"Whatever women do they must do twice as well as men to be thought half as good. Luckily, this is not difficult," said Charlotte Whitton back in the '70s.
We don't want to dwell on tragedy -- every day there are losses everywhere. But recently we had three deaths among important women: Nora Ephron, Helen Gurley Brown and the lesser-known Lois Smith, publicist to earlier big, big stars.
This week NYC's intelligentsia took leave of Lois who was much beloved and an all-around wonderful creature. She died some weeks ago after a fall, in her 80s. She was retired and living in Massachusetts, even though many begged her over and over to "come back home!"
So it was a weepy get-together at the 92nd Street Y where such as Meryl Streep and Rosie O'Donnell got into a semi-loving-correcting contretemps onstage over another actress, Claire Danes. (All I can say is that Lois Smith would have loved every moment of this friendly "argument." Lois was such an "innocent" in her embracing positive motherly manner that she once looked at me in amazement when I told her one of her clients had used cocaine right in front of me. "Really, Liz -- I never suspected that!" said Lois. She left it at that and to my conscience. I didn't print it.)
- Anyway, I found it pretty remarkable and appealing that another Smith -- Lois -- could be eulogized in person by the mistress of all she surveys, Oscar-and-every-other-kind-of-winner Meryl Streep. (Streep was formidable and the best of most speakers at the recent Nora Ephron memorial and she out-does herself informally time after time!)
At the Y, it all began with emcee Rosie O'Donnell. She was wearing red, imitating Lois who was famous for the scarlet coat she wore on the red carpet so her celebrity clients could easily find her.
Rosie opined that she hoped Lois "was up there" talking with Marilyn Monroe and with Nora Ephron taking notes. Then, Rosie segued into a bit about whether Claire Danes now employs a lisp on the TV series Homeland.
This was followed by Lois' former partner Leslee Dart reminding that Lois called those she loved by the pet name, "Ducks!" (She had sprayed the premises with Lois' favorite, Joy perfume!) Ms. Dart won applause by noting that the PR industry should follow Lois' lead and "be less self-centered, and kinder" ... Rolling Stone critic Peter Travers made some funny remarks... there was a song from Mandy Patinkin. Then -- I think it was then, this was all interrupted by Streep who defended Danes, saying that the latter "had her mouth taped up for two days -- and she's pregnant -- you get a pass!" Rosie yelled from backstage, "Sorry!"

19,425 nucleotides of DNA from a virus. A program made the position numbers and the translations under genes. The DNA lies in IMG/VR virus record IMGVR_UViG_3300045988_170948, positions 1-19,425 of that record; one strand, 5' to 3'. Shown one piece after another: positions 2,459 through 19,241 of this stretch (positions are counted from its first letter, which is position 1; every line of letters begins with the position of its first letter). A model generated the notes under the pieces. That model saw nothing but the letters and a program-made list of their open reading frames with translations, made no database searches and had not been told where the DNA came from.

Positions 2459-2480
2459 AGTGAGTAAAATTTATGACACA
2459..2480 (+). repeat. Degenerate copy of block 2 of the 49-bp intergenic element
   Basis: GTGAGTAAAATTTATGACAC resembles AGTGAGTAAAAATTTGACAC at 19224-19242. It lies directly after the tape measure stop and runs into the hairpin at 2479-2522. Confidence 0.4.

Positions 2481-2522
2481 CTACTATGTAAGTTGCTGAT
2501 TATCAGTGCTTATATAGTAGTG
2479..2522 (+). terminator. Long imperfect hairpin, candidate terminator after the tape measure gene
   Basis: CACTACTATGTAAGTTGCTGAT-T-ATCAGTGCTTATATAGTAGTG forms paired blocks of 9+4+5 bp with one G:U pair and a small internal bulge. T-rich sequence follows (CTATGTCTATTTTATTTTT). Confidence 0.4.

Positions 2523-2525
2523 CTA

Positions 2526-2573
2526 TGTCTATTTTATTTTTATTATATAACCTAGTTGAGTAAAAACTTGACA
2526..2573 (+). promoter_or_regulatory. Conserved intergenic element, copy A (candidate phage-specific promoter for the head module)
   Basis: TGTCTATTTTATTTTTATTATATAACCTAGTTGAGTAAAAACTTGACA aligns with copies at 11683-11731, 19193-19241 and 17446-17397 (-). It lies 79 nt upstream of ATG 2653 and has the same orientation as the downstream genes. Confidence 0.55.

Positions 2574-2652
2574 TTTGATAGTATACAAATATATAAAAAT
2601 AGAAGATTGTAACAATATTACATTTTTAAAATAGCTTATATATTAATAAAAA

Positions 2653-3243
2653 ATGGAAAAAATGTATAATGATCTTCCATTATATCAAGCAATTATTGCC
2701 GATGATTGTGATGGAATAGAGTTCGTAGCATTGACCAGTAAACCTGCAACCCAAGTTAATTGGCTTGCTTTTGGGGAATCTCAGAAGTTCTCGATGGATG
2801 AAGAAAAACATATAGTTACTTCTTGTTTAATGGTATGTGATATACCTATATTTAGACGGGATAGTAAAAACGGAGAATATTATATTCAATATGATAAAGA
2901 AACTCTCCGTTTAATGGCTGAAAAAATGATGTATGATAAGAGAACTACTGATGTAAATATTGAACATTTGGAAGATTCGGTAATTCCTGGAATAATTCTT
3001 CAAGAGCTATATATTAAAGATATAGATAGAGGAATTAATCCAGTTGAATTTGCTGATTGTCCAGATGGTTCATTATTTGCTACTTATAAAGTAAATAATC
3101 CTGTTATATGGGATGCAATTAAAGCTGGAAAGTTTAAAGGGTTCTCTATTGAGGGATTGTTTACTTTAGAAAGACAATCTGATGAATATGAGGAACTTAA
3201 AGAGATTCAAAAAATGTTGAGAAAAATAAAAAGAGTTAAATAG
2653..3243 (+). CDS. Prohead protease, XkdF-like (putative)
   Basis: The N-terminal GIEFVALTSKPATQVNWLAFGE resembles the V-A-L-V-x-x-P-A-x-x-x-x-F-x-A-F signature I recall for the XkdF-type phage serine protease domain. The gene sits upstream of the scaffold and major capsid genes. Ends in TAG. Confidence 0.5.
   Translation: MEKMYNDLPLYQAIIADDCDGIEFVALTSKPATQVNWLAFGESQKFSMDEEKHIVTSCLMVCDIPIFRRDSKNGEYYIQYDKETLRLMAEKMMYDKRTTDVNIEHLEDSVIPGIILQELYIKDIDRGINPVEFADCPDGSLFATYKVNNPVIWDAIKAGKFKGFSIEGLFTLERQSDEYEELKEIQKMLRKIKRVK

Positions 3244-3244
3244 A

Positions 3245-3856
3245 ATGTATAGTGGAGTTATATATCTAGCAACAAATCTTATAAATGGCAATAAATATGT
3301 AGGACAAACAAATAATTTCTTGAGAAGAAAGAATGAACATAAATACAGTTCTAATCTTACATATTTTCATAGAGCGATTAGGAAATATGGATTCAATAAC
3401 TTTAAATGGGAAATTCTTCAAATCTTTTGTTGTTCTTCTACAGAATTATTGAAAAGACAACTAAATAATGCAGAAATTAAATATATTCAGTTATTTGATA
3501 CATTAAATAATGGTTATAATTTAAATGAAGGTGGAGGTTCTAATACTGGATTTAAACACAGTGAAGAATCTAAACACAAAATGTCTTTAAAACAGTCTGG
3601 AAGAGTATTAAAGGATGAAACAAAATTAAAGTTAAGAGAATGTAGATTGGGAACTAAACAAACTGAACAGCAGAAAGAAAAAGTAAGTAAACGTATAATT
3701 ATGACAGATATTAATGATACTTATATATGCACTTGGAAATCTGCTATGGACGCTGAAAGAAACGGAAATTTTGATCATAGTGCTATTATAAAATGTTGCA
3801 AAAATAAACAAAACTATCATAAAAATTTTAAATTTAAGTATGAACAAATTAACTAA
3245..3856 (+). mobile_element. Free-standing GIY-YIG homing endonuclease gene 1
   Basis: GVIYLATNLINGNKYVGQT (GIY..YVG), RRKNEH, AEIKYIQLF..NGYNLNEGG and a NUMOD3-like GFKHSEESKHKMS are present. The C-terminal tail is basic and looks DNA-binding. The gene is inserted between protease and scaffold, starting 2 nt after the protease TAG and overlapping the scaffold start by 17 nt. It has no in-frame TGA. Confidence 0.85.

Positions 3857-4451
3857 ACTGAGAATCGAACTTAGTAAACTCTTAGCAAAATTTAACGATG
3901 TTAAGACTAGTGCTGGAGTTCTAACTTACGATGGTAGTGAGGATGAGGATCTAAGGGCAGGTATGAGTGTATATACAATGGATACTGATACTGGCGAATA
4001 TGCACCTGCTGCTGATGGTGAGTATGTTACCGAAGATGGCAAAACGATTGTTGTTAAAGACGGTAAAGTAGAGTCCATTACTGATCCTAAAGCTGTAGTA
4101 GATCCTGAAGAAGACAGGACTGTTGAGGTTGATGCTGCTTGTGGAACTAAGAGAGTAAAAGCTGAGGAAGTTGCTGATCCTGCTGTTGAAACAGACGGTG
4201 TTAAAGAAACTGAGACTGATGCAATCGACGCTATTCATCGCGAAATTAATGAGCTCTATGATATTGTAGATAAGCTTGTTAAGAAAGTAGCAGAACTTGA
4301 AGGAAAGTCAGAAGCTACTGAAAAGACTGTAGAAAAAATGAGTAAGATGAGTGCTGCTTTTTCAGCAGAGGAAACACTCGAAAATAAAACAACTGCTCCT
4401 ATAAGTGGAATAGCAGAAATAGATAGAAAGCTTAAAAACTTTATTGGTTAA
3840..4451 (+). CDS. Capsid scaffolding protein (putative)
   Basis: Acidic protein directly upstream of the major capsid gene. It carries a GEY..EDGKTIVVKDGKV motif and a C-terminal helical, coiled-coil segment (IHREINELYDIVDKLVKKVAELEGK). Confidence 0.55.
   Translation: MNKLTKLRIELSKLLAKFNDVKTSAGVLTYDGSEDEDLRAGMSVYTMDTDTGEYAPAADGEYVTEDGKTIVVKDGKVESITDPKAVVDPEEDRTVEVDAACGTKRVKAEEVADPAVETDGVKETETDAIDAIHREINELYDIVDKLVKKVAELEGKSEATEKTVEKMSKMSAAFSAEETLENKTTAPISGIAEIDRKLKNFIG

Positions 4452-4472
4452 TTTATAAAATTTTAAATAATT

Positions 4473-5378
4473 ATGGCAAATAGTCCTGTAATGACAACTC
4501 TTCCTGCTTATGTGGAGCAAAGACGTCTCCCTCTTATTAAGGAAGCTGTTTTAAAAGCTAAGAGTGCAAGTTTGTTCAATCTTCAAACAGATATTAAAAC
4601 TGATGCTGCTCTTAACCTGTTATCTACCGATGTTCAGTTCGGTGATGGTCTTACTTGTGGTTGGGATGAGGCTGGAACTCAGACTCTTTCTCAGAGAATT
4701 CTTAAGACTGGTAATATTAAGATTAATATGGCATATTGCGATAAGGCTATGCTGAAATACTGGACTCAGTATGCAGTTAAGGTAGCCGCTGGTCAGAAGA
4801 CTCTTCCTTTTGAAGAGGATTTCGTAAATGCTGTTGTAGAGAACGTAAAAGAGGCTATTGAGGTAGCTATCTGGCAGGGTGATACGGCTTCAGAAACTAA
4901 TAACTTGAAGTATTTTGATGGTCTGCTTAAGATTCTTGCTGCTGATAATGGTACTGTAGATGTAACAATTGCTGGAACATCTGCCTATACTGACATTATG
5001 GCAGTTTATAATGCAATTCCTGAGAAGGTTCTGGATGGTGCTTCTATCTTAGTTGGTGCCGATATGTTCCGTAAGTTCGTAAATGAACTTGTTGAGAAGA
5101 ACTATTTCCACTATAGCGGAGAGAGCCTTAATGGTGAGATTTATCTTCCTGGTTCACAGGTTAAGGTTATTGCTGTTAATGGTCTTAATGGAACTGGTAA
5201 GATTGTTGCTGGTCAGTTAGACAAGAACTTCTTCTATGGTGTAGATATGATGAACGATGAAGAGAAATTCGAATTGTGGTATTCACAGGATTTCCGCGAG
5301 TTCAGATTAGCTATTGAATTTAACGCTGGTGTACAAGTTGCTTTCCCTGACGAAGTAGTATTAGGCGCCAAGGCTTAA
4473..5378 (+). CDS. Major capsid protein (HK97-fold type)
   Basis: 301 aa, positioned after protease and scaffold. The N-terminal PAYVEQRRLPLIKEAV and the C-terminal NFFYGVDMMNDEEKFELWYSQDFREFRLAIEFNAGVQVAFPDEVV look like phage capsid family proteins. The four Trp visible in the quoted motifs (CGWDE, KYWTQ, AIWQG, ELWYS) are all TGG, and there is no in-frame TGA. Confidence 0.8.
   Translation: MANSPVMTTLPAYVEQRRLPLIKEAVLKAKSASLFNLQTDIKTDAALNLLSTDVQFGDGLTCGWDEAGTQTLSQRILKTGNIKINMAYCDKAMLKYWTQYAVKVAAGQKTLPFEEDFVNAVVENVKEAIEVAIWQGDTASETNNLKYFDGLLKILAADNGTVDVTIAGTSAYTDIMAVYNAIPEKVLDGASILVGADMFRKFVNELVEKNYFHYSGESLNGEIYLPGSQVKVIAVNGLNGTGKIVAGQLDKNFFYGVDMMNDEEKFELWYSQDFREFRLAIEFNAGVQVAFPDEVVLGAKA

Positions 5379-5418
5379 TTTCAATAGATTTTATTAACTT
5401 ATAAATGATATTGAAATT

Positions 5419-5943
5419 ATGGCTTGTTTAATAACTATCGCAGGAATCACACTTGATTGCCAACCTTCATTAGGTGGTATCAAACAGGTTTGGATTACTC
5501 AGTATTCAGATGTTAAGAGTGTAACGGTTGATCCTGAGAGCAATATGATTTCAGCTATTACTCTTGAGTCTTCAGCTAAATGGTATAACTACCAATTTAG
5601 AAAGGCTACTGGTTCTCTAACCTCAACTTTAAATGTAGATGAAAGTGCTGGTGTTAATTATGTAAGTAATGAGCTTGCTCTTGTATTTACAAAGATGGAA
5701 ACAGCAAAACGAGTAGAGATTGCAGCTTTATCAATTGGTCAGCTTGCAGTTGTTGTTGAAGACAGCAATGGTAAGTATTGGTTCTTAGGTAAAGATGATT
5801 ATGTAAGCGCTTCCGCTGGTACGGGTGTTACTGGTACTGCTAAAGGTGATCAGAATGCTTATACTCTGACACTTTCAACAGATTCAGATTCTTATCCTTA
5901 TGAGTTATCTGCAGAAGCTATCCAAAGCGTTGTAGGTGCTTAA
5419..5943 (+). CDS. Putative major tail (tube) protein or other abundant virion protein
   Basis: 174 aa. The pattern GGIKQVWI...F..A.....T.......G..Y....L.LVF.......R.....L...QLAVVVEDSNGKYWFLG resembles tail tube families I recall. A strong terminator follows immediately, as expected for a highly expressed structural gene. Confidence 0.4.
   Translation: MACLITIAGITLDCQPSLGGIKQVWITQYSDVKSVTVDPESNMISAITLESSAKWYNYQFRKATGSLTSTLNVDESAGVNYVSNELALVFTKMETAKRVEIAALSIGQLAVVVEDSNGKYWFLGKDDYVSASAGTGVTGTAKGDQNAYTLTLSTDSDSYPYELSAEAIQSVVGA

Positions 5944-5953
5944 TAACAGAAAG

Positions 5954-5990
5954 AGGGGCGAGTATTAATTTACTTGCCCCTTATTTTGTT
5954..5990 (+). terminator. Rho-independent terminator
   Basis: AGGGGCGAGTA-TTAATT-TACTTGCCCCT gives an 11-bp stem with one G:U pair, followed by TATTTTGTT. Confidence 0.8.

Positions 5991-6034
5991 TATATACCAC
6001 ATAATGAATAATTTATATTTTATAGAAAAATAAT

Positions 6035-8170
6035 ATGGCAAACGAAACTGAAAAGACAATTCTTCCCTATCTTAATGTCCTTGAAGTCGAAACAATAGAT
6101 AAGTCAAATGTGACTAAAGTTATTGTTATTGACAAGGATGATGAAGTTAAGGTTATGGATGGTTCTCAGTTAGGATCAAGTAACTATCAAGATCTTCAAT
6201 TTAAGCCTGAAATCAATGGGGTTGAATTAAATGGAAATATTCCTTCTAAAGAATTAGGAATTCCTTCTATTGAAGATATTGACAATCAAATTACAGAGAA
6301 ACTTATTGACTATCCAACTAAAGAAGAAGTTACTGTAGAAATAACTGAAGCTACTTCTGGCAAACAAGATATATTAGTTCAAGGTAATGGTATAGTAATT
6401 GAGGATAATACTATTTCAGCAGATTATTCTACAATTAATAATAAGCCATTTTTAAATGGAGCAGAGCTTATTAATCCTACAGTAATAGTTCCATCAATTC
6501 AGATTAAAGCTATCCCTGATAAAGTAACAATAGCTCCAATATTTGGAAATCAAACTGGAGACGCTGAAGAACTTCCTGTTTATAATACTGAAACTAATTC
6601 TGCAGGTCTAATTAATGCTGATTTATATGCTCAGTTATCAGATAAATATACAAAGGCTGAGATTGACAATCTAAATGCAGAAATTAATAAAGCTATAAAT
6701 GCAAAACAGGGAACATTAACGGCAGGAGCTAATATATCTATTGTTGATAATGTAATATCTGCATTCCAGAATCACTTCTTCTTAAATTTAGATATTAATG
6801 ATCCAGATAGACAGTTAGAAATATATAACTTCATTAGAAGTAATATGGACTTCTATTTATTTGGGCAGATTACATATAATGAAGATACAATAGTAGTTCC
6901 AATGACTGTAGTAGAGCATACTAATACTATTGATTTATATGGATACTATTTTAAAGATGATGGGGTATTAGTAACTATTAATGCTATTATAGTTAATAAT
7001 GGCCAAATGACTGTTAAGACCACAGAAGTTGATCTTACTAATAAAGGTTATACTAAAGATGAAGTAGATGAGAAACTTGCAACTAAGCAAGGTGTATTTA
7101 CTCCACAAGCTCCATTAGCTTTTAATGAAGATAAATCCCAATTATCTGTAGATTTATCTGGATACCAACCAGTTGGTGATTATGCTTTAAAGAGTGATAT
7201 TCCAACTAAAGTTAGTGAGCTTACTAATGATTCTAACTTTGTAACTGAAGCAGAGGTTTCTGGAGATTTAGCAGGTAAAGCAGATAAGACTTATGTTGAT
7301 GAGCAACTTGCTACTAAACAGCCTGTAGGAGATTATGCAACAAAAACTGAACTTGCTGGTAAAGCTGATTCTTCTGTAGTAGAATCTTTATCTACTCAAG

In speaking, Streep said something to the effect that, in the past, "... This is hilarious; people wanted to preserve their privacy and Lois seemed to think this was reasonable. "She credited Lois with giving her own family a private life before the era of cell-phones and 24/7 entertainment-media tweets!
Lois' granddaughter Brianna spoke and also her daughter, actress Brooke Smith, who remarked that her mother had loved talent, loved her job and made it easier for actors and directors and show folk to do theirs. (You will remember Brooke as the girl captured by the serial killer in the film Silence of the Lambs and kept captive in a well.)
And the woman of women, Gloria Steinem, spoke eloquently.
When Rosie got on to close, she remarked on "being dissed by Meryl Streep at a memorial."Well, I'd put THAT in my bio for Google and Wikipedia -- if I were Rosie.
- ALSO now comes word of the untimely death of the popular psychotherapist Mona Ackerman who had been ill quite sometime at her Fifth Avenue home. Our hearts go out to her one and only, the astute columnist Richard Cohen.
Mona was much loved. She was fun, generous and wise. She was the daughter of Meshulam Riklis, a man well-known for putting the Hollywood Foreign Press Association on the map back in the day when they voted for his momentary wife, Pia Zadora, as their star of stars!)The Association recovered from this glitch and became the name behind the all-important Golden Globes.
- WELL, AS long as we are speaking well of the deceased, we will show you a photo by Cyd King of where the late Helen Gurley Brown is resting in peace beside her producer husband, David Brown. It came to me from one firstname.lastname@example.org. These headstones are in Sisco Cemetery in Osage, Ark. Neither of my famous friends, the Browns, were crazy about Arkansas; one is hard-pressed to imagine the gentleman intellectual David even passing through. But there they are; Arkansas has claimed them.
OY VEY! as we Irish say. I hope I can be more cheerful in the future.